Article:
By working out the high-level issues in advance, the law firm marketer will increase the likelihood that the article is just as compelling as the marketer envisioned.

Marketing leaders who approach the task of hiring freelancers with a purchase mentality are often disappointed. The quality of the work is uneven or, worse, just not up to the law firm’s standards.

This is because — regardless of the writer’s track record — the real expertise lies within the firm. When hiring a freelancer, the firm is actually leveraging its own expertise, trading money for time, in order to squeeze more value from existing personnel.

Hiring a freelancer should be viewed as a delegation, not a purchase. As such, the success of any editorial project involving freelancers depends on the extent to which firm marketing leaders invest the necessary time to make an effective delegation of the content creation aspect of their job responsibilities.

1. Define the Job in Detail


Be as specific as possible when assigning the topic. Don’t leave assignment details subject to interpretation. Generally speaking, the narrower the topic the more interesting it will be to the reader and the easier it will be for the writer to produce. “Representing seniors and seriously ill investors in a FINRA arbitration proceeding” is a good blog topic.  “What Is FINRA arbitration?” is a research paper. Not good.

If you want at least 1,000 words, say so at the outset. Do you have a particular reader in mind? Tell the writer. If your intended reader is a consumer, do you need a high Flesch reading ease score?

Which law firms compete with yours? Have they published have articles on the assigned topic?

2. Paint the Big Picture


Share with the writer why the article has been commissioned. Does it address a hot topic? Is it filling a content hole on the firm’s website. Is it being published in support of a new practice group?

If firm marketers are targeting keywords for SEO purposes, share those keywords with the writer. Share also the firm’s views on the extent to which keywords should appear within the article, and where.

Is the firm angling for a featured snippet on Google? 

What is the purpose of the article? In other words, what does the firm want the reader to do after reading the article? Subscribe to a list? Share the article? Pick up the phone?


3. Empower the Writer


Take whatever time is necessary to provide the writer with the resources necessary to do a good job. At a minimum, marketing leaders should share the firm’s style guide. A style guide makes the writing go much faster, and it’s a valuable resource when editing submitted work.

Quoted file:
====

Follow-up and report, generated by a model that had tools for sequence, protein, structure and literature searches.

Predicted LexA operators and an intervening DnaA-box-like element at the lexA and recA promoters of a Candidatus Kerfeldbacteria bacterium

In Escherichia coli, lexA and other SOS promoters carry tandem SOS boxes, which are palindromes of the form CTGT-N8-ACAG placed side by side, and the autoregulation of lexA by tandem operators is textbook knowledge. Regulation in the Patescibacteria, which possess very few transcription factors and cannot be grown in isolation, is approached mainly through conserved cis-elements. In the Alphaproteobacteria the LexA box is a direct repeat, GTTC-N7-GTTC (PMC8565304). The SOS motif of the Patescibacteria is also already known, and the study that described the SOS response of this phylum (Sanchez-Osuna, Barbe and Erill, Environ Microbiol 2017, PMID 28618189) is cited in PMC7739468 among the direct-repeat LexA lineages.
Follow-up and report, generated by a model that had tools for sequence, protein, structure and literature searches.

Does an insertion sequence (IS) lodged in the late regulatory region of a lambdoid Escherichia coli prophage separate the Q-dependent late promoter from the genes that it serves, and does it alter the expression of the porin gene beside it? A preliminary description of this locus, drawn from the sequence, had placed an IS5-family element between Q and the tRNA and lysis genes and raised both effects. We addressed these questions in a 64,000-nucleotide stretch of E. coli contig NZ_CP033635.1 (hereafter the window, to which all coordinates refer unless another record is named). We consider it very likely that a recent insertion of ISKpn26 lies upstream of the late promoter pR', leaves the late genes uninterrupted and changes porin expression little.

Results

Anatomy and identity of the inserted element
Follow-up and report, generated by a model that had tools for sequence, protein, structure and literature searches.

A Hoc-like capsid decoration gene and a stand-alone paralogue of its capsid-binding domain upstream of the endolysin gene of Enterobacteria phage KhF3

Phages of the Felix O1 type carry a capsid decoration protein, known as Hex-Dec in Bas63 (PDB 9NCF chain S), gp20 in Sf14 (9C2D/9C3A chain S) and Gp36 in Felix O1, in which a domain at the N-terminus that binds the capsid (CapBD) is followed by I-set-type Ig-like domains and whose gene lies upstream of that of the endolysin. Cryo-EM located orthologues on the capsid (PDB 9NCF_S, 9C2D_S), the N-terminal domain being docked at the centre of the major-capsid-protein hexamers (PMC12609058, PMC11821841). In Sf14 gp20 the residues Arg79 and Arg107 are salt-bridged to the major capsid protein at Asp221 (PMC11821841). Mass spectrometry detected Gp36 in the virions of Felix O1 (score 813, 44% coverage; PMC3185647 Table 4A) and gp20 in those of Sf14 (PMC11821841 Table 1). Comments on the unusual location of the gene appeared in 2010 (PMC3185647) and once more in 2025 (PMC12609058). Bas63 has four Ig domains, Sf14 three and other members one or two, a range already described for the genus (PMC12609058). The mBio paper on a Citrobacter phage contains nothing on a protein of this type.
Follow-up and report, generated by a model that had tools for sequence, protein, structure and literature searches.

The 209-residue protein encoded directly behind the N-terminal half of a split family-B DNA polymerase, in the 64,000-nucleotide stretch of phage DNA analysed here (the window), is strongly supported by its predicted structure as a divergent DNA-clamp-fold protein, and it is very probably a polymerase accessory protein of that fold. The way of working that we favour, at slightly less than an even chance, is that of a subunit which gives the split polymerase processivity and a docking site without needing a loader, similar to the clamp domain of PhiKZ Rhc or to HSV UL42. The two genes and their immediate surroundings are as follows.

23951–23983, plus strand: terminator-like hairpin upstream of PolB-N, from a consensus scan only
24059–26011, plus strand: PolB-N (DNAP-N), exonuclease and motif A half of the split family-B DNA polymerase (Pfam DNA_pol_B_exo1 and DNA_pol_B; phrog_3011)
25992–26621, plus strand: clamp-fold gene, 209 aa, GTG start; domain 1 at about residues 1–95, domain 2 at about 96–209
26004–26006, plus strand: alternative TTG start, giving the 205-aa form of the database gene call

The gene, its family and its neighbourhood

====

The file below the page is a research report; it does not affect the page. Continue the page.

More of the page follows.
If the firm does not have a style guide, then direct the writer to follow a third-party style guide such as the Associated Press Stylebook. Any style guide will do. The point is to be consistent and provide everyone with a reference.

Beyond the style guide, marketing leaders should strongly consider sharing — if at all possible — client surveys, content marketing strategies, branding and positioning statements. These documents give the writer insight into the intended reader for the article. More importantly, they supply the writer with a lexicon of words and phrases for use in writing. If writers don’t know the firm’s preferred vocabulary for defining legal problems and addressing potential clients, then they’re going to come up with their own words, most likely less-than-ideal words.

Confidentiality concerns can be addressed with an NDA or with a “marketing strategy lite” document written specifically to guide freelance content creators.

4. Evaluate Submitted Work


The process of editing written work is the best opportunity to coach the writer for improved performance. Having given the writer a detailed work assignment, the firm’s in-house marketing team has a clear reference guide to assess the work and suggest edits to the writer. Compliance with the style guide ensures that the work is consistent with the rest of the firm’s content inventory. Finally, holding the work up to the firm’s branding and positioning documents means that the work will execute on the firm’s content marketing strategy.

The editor should strive to be positive wherever possible, to direct criticism to the written work rather than toward the writer, and to confine criticism to whether or not the article delivered on the assignment and was executed with the firm’s guidance documents in mind.

Managing the creation of editorial materials isn’t like buying a television or hiring a house painter. It’s more like delegating to someone else a job you would be doing yourself if you had the time and resources. With a delegation, the critical ingredients for success are the delegator’s effort and skill. By working out the high-level issues in advance and clearly communicating the job at hand to the writer, the law firm marketer will vastly increase the likelihood that the finished article is just as compelling as the marketer envisioned.
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By Thomas O'Toole

A journalist with three decades' experience reporting on legal affairs, Tom is the managing editor and lead writer at Lawyers Media LLC.

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